Jul 08, 2011
Lessons from Costa Rica in environmental sustainabilityBack
Rodriguez, also formerly Costa Rica’s Minster of Environment and Energy, was speaking in Cape Town last week at the Cambridge Resilience Forum about how Costa Rica has been one of the most successful countries in the world in working towards a low-carbon economy using a system known as payment for ecosystem services (PES).
Rodriguez was a pioneer in Costa Rica in the development and implementation of this system, where Costa Ricans are paid for any carbon sequestration, water and biodiversity ‘services’ they provide.
“[Costa Ricans] have learned that we are unable to succeed in achieving our standards, targets and goals of social development and economic development without investing heavily in wisely using our natural resources and ecosystem,” he said.
Costa Rica is a biodiversity ‘hot spot’ where, in 1940, 75% of the country was covered in forests. This dropped to only 21% in 1987 as the financial incentives of the time were geared to changing unproductive landscapes into productive landscapes. Forests were mostly considered unproductive, resulting in deforestation. In 1991, the Costa Rican government realised that the incentives being paid were essentially bad investments and needed to be reconsidered.
In the early 1990s, Costa Rica subsequently analysed the benefits from healthy ecosystems. The analysis resulted in a policy which identified that owners of forests were supplying environmental services to the country in the form of carbon sequestration and so could be paid for those services. The intention was that this would encourage further reforestation by other landowners.Environmental Services
Vehicles such as carbon taxes were implemented, which then created the income that could be paid to the providers of the environmental services.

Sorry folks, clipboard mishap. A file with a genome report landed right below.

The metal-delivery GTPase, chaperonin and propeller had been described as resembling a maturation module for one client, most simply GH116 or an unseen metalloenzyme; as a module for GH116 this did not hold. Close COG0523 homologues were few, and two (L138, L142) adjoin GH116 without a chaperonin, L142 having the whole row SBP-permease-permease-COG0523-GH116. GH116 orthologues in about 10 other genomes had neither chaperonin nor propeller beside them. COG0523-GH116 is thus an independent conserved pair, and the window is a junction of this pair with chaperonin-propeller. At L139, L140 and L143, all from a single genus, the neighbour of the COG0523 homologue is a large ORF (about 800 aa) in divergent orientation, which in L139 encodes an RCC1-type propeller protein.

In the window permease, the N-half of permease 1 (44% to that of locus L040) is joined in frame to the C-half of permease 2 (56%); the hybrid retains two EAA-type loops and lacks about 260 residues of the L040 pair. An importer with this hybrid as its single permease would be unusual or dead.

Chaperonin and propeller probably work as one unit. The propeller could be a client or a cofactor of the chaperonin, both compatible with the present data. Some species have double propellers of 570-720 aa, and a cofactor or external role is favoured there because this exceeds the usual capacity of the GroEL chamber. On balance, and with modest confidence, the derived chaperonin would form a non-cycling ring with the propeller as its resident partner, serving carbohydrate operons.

The PES system was dramatically successful and payment for carbon sequestration services resulted in the restoration of a significant number of forests and, by 2005, the forest-covered area of the country increased to 52%. PES meant it had become profitable for landowners to reforest.
The system had other benefits which were not initially anticipated. Of the people that received payment for environmental services, 30% were considered extremely poor, said Rodriguez. Unwittingly, the Costa Rican government had designed a market instrument for forest conservation that also had a significant human benefit as a by-product. Rodriguez was able to show examples where communities had used PES funds to build homes and schools and, in doing so, uplifted themselves.
In addition to payment for carbon sequestration, the PES system now also pays for water and biodiversity services. He said that payment for water services “is an area where I see a great opportunity for South Africa”.
Commenting on South Africa’s road towards environmental sustainability, he noted other parallels with Costa Rica. “When I travel around rural South Africa, I see you have a major challenge in restoration, not just in conservation. I believe that the dimension and scale of the restoration are even bigger and more complex.”
Costa Rica should be an example for South Africa as it has shown that environmental sustainability and social development can go hand in hand. Where it was once the poorest country in the western hemisphere, it now ranks top of the ‘Happy Planet Index’, which measures the wellbeing of people in the nations of the world while taking into account their environmental impact. Costa Rica aims to be fully carbon neutral by 2021.
Edited by: Martin Zhuwakinyu
Creamer Media Senior Deputy Editor
To subscribe email firstname.lastname@example.org or click here
To advertise email email@example.com or click here
Other News This Week News
Updated 2 hours 45 minutes ago A new World Bank report warns that some regions of the world, including parts of Africa, could see their growth rates decline by as much as 6% by 2050 as a result of water-related losses, with water scarcity also exacerbated by climate change. Titled ‘High and Dry:...